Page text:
examined this question except for Wei(2000c). This paper extends the previous paper in several
ways. While Wei(2000c) focuses on the connection between the ratio of bank loan to FDI and
corruption and bases the analysis on bilateral data, this paper also checks the relative share of
portfolio flows versus FDI and uses also more aggregate data from the balance-of-payments
reported by the countries to the IMF. In addition, we report results on possible relationship
between corruption and the maturity structure of foreign borrowing, and between corruption and
a country’s ability to borrow internationally in its own currency.
Before proceeding to a more formal analysis, it may be useful to have a quick glance of
the data. The argument that capital flow composition matters requires that different capital flows
have a different level of volatility. For every member country of the IMF for which relevant data
are available for 1980-1996, we compute the standard deviations of three ratios (portfolio capital
inflow/GDP, borrowing-from-banks/GDP, and inward FDI/GDP)3. The results are summarized
in Table 1a and visually presented in Figure 1. For all countries in the sample (103 countries in
total), the volatility of FDI/GDP ratio is substantially smaller than the loan/GDP ratio and
3
Hausmann and Fernandez-Arias (2000) argue that the classification of capital inflows into FDI and other forms
may not be accurate, and that it is possible for a reversal of an inflow of FDI to take the form of an outflow of bank
loans or portfolio flows. As a result, calculations of relative volatility of the different forms of capital flows are not
meaningful. We hold a different view. The misclassification can come from two sources: random measurement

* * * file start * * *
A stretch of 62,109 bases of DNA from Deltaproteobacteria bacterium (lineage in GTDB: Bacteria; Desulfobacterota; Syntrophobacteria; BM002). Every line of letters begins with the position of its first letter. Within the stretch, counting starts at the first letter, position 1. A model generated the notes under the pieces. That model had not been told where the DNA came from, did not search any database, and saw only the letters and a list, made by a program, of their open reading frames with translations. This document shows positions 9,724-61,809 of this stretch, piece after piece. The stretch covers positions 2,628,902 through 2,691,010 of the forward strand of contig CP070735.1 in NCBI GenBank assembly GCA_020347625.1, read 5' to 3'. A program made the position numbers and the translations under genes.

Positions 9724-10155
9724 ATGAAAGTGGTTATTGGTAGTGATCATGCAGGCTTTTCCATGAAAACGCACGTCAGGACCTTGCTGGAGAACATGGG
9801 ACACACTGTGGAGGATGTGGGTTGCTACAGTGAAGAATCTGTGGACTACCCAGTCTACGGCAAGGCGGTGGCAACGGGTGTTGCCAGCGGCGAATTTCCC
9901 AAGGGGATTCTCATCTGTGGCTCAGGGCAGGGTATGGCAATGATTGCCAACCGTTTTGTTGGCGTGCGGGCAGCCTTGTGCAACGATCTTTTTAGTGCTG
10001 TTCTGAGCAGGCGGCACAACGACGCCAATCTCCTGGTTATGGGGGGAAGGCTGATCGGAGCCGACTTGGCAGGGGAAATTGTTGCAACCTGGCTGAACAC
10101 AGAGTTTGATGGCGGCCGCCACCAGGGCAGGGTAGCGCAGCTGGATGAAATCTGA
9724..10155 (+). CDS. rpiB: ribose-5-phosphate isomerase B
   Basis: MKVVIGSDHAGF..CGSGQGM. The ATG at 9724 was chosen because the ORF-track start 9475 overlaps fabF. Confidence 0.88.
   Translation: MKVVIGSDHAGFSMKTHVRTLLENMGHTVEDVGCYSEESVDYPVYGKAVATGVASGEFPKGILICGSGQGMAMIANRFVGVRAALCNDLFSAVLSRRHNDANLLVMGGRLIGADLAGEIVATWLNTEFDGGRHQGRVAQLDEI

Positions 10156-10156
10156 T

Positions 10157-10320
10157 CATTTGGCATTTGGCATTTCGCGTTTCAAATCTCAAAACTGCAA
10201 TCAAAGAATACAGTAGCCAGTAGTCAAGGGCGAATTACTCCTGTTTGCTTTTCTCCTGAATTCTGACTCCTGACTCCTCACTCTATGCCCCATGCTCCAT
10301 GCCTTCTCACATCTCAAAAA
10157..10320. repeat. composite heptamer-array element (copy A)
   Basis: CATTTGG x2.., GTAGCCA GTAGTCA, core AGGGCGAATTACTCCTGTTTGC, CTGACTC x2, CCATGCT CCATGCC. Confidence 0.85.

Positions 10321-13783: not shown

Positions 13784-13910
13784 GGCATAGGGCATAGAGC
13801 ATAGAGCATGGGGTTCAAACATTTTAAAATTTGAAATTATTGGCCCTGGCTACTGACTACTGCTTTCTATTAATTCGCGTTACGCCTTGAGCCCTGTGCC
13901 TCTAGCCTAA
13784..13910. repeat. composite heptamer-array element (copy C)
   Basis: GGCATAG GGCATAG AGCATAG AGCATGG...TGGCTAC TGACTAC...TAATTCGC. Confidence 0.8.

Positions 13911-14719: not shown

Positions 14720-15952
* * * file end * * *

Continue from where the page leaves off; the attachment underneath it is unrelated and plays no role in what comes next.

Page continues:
errors and intentional mis-reporting by international investors. In the first instance, if capital flows are misclassified
at the margin due to random errors, the labels on FDI and other forms of capital flows are still useful. In the second
case, foreign investors may intentionally mis-report types of capital flows. Since there is a cost associated with misreporting, there is a limit on the magnitude of the error of this type as well. In the empirical work to be presented
later in the paper, the bilateral FDI data are based on FDI source country governments’ survey of their firms. The
bilateral bank lending data are based on international lending banks’ reporting to their governments (which then
3
somewhat smaller than the ratio of portfolio flows /GDP. For the non-OECD countries as a
group, the FDI/GDP ratio is also much less volatile than the loan/GDP ratio, although its median
is higher than the portfolio flow/GDP ratio. The lower part of the same table presents the
volatility of the three ratios for a number of individual countries that featured prominently in the
recent currency crises. Each country shows a loan/GDP ratio that is at least twice and as much
as fifteen times as volatile as the FDI/GDP ratio. For each of these countries, the portfolio
capital/GDP ratio is also more volatile than the FDI/GDP ratio. If the sample period is extended
to include 1997-98, the differences in volatility would be even more pronounced (not reported).
Alternatively, we may look at the coefficient of variation (standard deviation divided by the
mean) of these three ratios. These results are presented in Table 1b. Again, for the group of
emerging market economies, FDI/GDP is less volatile than the loan/FDI ratio according to this
measure. On the other hand, FDI/GDP is less volatile than the portfolio/GDP ratio according to
median in the group, but not according to the mean of the group. Therefore, the data is consistent
with the hypothesis that FDI is less sentiment-driven and hence more stable as a source of
foreign capital4.
Corruption is bad for both international direct investors and creditors. Corrupt borrowing
countries are more likely to default on bank loans, or to nationalize (or otherwise diminish the
value of) the assets of foreign direct investors. When this happens, there is a limit on how much
international arbitration or court proceedings can help to recover the assets, as there is a limit on
how much collateral the foreign creditors or direct investors can seize as compensation5.
One may argue that domestic investors have an informational advantage over